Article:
Corrie Dick

Just out – the debut album of young jazz drummer Corrie Dick, a Trinity Laban alumnus and a regular at Oliver’s in Greenwich. The album, titled Impossible Things, has eight tracks, all composed by Corrie and performed by him and some of Britain’s finest young jazz musicians. Five of the tracks are terrific. The other three – Soar, Annamarrakech and Don’t Cry – as sensational. In fact the whole album is impossibly brilliant. Buy it at


Dance: Daw, Dowling, Duggan

A great start to the new season of Greenwich Dance and Trinity Laban’s Compass Commissions.

Dan Daw, one of the world’s foremost disabled dancers, was amazing as he bared body and soul in Beast at the Borough Hall. Choreographed by Martin Forsberg, this was a work of such emotional intensity that I, in common with the rest of the audience, was left exhausted, elated – and overwhelmed by the courage of Daw’s uncompromising approach.

Two weeks later, at Laban Theatre, Us Then was an intriguing investigation of symbiosis. Creators/dancers Sarah Dowling and Kath Duggan took Waiting For Godot as their inspiration and gave us a work of warmth and wit in which humanity’s strengths, weaknesses and folly were writ large. It also had some really good theatrical jokes.

If Beast and Us Then are anything to go by, this new season of commissions is going to be a humdinger.


Red Riding Hood, The Bear

Looking for a Christmas show suitable for all the family? There are two that promise to be absolute crackers in and around Greenwich. Andrew Pollard is celebrating his tenth festive season at Greenwich Theatre ( with his take on Red Riding Hood, which is bound to be the usual uproarious mixture of songs, dance, jokes and adlibs. It runs from Nov 20 to Jan 10. Down the road in Deptford, the Albany ( is putting on Raymond Briggs’ classic The Bear from Dec 7 to Jan 3. The production features a huge, white-furred, black-tongued animal puppet. Tickets to both shows are selling fast, so book yours now.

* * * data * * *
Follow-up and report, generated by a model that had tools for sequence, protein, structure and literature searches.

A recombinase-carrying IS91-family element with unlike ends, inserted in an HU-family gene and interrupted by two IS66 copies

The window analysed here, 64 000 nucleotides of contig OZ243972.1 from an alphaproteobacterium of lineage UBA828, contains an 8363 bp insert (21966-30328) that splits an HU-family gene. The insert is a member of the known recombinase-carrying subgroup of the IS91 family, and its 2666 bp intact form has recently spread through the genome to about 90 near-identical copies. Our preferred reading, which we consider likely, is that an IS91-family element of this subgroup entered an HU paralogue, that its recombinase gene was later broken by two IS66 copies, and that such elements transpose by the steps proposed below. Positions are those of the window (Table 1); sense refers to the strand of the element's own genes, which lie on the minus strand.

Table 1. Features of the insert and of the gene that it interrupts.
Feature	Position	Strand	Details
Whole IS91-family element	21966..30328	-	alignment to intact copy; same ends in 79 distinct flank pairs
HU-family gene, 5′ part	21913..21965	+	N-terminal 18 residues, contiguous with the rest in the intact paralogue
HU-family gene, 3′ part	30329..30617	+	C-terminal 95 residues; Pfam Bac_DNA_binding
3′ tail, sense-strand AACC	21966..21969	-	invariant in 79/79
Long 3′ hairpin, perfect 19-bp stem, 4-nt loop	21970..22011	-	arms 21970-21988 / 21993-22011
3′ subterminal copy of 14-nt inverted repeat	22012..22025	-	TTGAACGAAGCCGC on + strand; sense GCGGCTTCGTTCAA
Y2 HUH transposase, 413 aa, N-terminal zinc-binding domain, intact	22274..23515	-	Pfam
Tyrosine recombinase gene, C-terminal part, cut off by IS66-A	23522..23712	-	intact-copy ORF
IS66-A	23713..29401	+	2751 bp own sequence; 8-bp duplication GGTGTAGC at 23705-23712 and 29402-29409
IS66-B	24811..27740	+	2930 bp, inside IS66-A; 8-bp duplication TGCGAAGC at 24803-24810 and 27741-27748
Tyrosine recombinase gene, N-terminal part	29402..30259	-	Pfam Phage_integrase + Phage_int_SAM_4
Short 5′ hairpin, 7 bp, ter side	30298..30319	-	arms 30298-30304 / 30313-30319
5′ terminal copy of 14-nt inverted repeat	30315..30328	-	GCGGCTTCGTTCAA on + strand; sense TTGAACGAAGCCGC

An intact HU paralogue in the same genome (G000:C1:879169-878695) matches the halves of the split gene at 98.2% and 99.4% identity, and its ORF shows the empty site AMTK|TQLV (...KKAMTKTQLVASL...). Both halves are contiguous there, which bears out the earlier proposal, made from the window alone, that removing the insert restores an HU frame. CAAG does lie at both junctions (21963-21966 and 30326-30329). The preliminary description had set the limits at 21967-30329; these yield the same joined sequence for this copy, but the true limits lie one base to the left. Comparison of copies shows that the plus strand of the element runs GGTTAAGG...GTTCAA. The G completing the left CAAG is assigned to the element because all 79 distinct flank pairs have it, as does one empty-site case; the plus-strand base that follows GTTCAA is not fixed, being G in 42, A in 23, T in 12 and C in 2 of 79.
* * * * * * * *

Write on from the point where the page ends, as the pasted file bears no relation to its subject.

Oliver’s: Pysz, Meier, Marconi

Much-loved Greenwich jazz spot Oliver’s ( continues to attract the cream of Europe’s young musicians. In the next couple of weeks or so it plays host to two brilliant guitarists – Maciek Pysz from Poland on Nov 20 and Nick Meier from Switzerland on Nov 28 – and Italian virtuoso pianist Marco Marconi on Dec 11. The basement setting is as intimate and atmospheric as a jazz venue should be and the bar offers an extensive range of drinks as reasonable prices. Check it out.

Auerbach, Goya, Pop, Hoyland, Escher

There are five superlative art shows in London at the moment and all of them run into the new year. Frank Auerbach’s paintings at Tate Britain ( prove he really is this country’s greatest living artist. Goya: The Portraits at the National Gallery ( is unmissable. Here is a man who truly changed the whole direction of painting. Thanks to works by artists living under despotic regimes in eastern Europe and South America in the 1960s, The World Goes Pop at Tate Modern ( reveals pop art to have been politically astute, not just a bit of baby-boomer froth. John Hoyland’s Power Station Paintings at Damien Hirst’s Newport Street Gallery ( provide an almost visceral experience as you walk between pictures drenched in colours that seem to glow. And The Amazing World Of MC Escher at the Dulwich Picture Gallery ( is a must for anyone with a taste for mind-boggling puzzles, supreme draughtsmanship and the bizarre. What a time to be living in the capital!

Joseph Warwick

Trinity Laban guitarist Joseph enraptured an audience at the Old Royal Naval College chapel in Greenwich with a fascinating programme of largely contemporary classical music, the highlight of which was his rendition with South Korean cellist Catherine Lee of a work by 20th century Brazilian composer Radames Gnatelli. These Tuesday/Friday lunchtime concerts in the riverside complex’s beautiful chapel are always terrific and are listed at and – and, of course, in The Greenwich Visitor (